Chapter number five in an ongoing series of commentary from legendary drummer Mike Clark. His storied observations continue to inspire, and provide keen insight into ‘all things music’.
I played double drums on a gig with Lenny White once and he took a solo all poly-outness while I held my place quietly on the 2 and 4. He took it so far out I was hanging on for dear life. But Lenny was right, and here is the kicker...I was proud of myself for keeping my place. But he was the dude that played everything. It was amazing, as Lenny knows where he is at all times… But it really sounded like he modulated into about 80 different time signatures at once.
I love Art Blakey’s playing, his bands, arrangements, his groove… When it comes to swingin’ – Is there anyone that can swing harder? Not for me.
Does anybody but me get tired of seeing and hearing the same 6 or 7 guys playing all the festivals and jazz joints over and over? Who's idea is that? Or if there is a new guy… He has to make up some wild way of playing that most of us had thought of and discarded.
When I play swing no matter how far out I go, I play it on the 2 and 4. Same with funk… No matter where I put the backbeat, the "Thing" if you will is on the 2 and 4. That’s what I do.
I remember when you had to play several different styles of jazz… Usually a few you really liked best. It was hard to make a living specializing in one area unless you had really good luck. Now it’s hard to make a living playing any of those styles. Now I see that several guys stay in one bag for a lifetime and do OK. For me, that would be like eating eggs every morning forever.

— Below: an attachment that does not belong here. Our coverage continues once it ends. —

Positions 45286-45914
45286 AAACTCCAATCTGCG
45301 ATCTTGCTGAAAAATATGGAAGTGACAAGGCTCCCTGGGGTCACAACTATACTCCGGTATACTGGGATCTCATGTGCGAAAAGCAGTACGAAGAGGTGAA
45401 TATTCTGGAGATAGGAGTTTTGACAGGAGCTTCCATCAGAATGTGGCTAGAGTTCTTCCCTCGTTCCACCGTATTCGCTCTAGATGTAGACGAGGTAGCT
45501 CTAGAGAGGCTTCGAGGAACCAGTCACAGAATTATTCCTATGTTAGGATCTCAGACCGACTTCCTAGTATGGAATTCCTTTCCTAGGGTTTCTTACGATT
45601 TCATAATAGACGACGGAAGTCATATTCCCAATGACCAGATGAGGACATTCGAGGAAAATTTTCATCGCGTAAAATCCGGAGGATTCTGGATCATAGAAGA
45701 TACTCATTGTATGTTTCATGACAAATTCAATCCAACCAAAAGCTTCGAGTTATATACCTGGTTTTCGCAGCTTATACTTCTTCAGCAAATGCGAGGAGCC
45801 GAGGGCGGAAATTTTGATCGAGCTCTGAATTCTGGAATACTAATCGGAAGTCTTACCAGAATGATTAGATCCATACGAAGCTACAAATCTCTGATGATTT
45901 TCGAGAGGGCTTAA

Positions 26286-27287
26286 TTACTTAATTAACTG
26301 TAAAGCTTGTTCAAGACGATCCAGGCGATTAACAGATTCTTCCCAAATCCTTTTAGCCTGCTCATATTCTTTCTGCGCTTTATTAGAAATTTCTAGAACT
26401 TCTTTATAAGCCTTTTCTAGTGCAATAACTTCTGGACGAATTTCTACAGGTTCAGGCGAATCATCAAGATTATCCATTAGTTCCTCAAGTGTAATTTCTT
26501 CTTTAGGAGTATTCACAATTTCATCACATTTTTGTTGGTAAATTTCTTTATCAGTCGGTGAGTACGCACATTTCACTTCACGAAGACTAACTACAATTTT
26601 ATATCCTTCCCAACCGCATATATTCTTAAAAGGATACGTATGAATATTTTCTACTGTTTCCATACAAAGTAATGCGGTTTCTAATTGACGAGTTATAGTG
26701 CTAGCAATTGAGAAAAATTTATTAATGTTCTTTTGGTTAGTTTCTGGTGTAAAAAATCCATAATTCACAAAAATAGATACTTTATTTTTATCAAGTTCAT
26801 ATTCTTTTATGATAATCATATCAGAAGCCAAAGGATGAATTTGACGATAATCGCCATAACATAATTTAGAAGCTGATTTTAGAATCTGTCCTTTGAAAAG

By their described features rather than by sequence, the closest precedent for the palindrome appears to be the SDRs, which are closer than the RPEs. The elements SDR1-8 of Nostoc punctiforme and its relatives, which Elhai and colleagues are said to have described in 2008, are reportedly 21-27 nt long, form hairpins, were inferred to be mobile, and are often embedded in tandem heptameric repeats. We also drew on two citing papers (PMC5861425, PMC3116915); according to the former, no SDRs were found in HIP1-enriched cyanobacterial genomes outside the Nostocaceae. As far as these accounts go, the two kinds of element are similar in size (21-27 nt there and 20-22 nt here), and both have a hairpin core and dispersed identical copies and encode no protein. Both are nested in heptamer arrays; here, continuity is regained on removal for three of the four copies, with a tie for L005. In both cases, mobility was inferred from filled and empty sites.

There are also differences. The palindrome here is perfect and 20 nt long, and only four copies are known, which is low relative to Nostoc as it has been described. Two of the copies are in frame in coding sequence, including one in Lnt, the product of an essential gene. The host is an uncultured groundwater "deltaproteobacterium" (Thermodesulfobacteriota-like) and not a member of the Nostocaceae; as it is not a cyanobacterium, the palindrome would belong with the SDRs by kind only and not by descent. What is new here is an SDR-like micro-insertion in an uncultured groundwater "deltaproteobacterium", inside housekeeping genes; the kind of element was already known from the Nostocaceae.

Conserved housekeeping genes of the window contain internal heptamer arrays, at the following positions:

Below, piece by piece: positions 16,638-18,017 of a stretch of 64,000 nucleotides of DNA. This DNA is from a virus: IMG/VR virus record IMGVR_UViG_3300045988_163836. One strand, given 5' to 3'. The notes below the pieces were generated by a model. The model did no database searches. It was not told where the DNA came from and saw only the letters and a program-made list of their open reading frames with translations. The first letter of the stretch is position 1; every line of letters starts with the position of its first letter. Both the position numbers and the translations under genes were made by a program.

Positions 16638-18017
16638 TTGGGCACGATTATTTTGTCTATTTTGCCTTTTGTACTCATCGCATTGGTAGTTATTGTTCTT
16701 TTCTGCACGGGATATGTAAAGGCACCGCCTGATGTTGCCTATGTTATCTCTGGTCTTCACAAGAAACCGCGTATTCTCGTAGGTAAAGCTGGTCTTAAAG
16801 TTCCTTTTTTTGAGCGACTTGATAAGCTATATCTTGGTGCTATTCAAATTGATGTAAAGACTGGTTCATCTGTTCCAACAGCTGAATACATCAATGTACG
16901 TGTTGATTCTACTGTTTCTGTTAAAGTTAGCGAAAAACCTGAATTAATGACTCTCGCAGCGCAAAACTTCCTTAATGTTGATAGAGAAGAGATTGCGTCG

Elvin Jones said he wanted to be part of the scene, but didn’t want to play in a conventional way. Elvin really didn’t hear that, and he was severely criticized for it. Being with Coltrane solidified his concept, and his words. How would things be if he didn’t have the good fortune to get that gig? How would things sound today?
I went to a mix when Tony Williams played, I was listening to the playback and the time sounded a bit soupy, Tony walked by the board and pushed the fader up to the top and the track swung incredibly, and it sounded like Tony. The engineer cried and whined about the fact that it red lined. Tony said, “the red line - that’s how jazz is supposed to sound”.
I admit it - when I played with musicians having great careers, I would be kind of nervous since I wanted what they had. While playing with Herbie Hancock, there was none of that. He was so famous I guess my brain processed it differently. In the last five years I’m finally over it. I really enjoy playing with anyone, no matter how much they’ve got. As long as the music is cool… That’s the end of it…I am actually in the moment. It took a lifetime… But better late than never!
When mixing drums for jazz, I would suggest listening to some old Blue Note records as many times as possible. Now the drums are compressed like a pop record and the tuning seems to be in between what used to be jazz tuning and pop or fusion. Also, the groove is in the ride cymbal… So don't turn it down and have it sound like mush.